What are the advantages of maintainable software?

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Most manufacturing and mining businesses will have the words "continuous improvement" written into their business strategies. Some specific processes and operational equipment will never require modification.

This article is about the process control that is expected to change. It is based around PLCs, but could easily translate to any programmable control system.

The most common tool for process control system (PCS) modification is software. Larger businesses may have the ability to employ their own Process Control System maintenance personnel.

Smaller businesses will usually subcontract process control personnel on a part time or project basis. It is important that the work done by these companies is homogeneous and integrated. It should not be a compilation of clunky bits and pieces.

How will the owner or manager of the business ensure that this is the case?

"By insisting on maintainable software.

In theory all software is maintainable, however the degree to which the code is maintainable is the point of discussion here. An assessment into the degree of maintainability of a given piece of software may conclude it would be cheaper and/or less risky to rewrite the code than to change it. Such code, for all intents and purposes, could be classified non-maintainable.

Attempts at deriving a maintainability index for code have been sought — based on simple lines-of-code assessments to the more elaborate Halstead complexity measures. These techniques are quantitative. A qualitative approach is more successful when applied to PLC code.

So what are the qualities of maintainable software?

Structure
The importance of structure can never be underestimated in making software understandable by others. Process control is a series of functions that combine to make a control system. The categorisation of functions needs to be carefully planned at the start of development.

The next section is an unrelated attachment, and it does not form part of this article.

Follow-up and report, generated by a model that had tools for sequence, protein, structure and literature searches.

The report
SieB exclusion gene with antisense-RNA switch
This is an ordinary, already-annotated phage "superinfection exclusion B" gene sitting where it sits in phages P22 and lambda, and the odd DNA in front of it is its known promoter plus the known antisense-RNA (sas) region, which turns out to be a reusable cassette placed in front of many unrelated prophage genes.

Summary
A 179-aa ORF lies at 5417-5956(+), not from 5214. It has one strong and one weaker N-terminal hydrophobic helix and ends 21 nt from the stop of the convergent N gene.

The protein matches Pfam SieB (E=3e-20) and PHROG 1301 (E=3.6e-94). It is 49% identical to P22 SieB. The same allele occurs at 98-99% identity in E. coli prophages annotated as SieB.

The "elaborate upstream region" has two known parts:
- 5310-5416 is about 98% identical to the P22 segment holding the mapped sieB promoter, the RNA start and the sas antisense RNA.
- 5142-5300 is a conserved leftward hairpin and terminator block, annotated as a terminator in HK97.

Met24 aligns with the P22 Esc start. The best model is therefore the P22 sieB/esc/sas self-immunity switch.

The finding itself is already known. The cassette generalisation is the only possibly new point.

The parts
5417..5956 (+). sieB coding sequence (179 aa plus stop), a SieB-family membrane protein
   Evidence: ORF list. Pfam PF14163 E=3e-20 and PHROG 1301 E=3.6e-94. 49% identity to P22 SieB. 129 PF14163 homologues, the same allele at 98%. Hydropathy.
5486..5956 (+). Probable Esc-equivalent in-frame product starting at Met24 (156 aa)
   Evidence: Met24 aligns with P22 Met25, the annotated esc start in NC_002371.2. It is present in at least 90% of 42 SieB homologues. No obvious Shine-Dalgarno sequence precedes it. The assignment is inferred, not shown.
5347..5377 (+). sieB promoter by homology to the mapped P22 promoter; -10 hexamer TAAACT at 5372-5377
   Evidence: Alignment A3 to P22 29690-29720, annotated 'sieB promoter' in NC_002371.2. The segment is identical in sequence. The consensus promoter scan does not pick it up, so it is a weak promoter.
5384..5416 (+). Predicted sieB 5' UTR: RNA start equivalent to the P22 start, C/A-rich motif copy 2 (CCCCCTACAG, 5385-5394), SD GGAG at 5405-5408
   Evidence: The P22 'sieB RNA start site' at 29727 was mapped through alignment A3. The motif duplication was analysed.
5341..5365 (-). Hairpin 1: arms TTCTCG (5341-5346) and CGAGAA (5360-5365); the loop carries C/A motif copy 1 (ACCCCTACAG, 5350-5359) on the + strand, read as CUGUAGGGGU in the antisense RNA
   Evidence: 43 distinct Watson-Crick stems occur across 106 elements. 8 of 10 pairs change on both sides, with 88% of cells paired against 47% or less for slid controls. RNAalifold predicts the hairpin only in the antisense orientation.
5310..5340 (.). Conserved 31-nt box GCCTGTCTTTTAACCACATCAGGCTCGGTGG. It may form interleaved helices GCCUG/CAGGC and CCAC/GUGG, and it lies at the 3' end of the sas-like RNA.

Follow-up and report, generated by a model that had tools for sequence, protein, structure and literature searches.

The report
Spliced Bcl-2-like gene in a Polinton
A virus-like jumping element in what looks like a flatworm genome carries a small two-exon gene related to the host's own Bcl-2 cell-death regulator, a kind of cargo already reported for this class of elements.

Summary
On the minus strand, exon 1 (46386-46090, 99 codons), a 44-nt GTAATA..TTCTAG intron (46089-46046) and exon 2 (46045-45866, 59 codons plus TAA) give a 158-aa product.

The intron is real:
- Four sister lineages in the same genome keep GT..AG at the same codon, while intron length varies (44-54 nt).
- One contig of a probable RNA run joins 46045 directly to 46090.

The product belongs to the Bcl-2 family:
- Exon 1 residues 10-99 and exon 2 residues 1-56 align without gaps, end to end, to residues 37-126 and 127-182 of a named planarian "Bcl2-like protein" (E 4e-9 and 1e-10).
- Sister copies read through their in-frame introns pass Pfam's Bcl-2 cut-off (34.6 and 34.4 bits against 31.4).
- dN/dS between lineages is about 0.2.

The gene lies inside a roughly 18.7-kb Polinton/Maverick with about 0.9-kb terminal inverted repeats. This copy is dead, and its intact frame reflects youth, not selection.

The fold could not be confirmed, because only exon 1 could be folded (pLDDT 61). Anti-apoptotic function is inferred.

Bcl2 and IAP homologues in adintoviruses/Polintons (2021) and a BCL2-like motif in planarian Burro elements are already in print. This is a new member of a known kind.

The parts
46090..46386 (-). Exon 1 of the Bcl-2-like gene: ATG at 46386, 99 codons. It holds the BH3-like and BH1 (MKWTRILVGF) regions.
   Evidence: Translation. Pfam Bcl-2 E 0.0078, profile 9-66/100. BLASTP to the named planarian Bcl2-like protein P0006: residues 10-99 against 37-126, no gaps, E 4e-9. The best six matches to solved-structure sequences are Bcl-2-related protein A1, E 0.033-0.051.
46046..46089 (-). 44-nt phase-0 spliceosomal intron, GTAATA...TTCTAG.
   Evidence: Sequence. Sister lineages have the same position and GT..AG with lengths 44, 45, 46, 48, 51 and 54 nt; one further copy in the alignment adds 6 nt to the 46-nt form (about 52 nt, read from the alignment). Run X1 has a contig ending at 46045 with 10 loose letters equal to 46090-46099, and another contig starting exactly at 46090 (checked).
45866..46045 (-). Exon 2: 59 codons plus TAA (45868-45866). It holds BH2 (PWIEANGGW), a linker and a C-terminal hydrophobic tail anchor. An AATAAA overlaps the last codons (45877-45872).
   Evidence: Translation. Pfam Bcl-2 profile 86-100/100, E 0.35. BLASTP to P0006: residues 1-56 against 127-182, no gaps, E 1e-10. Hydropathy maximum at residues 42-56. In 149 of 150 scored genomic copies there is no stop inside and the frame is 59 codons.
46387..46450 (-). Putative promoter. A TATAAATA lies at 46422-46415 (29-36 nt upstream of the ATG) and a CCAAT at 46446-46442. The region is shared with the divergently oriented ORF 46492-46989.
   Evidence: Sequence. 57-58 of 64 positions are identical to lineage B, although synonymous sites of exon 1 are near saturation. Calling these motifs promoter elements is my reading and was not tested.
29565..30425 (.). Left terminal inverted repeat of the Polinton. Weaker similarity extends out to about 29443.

Think in terms of module functionality not in terms of logical outcomes. Hierarchical flow charts help to visual the functional layout. Software should be designed top down, with high level functions gradually being divided into smaller functions that can then be developed.

The structure should mimic the process functions. Develop separate code for each piece of equipment. This makes it easier to narrow in, if modification is required later. It also improves the speed of fault finding.

Well Defined Functions
Functional specifications, in plain English, with explanatory diagrams to aid others in understanding the purpose of a section of software. If requested to modify it, there is less chance of mistakes if they have a good understanding of what it was originally intended to do.

Anyone in the industry should be able to read the functional specification and understand the purpose of a piece of software even if they cannot read the code. Functional specifications are the link between the process designers and the process control software developers.

They are also an educational tool in helping operators, maintenance staff and managers understand the operating parameters of a piece of equipment. If you understand its function, you can judge if it is living up to its expectations.

Standard Naming Conventions
Agreed naming, used as labelling for equipment and matching labelling within the software. Languages can have multiple terms for the same object. This leads to communication confusion and mix ups.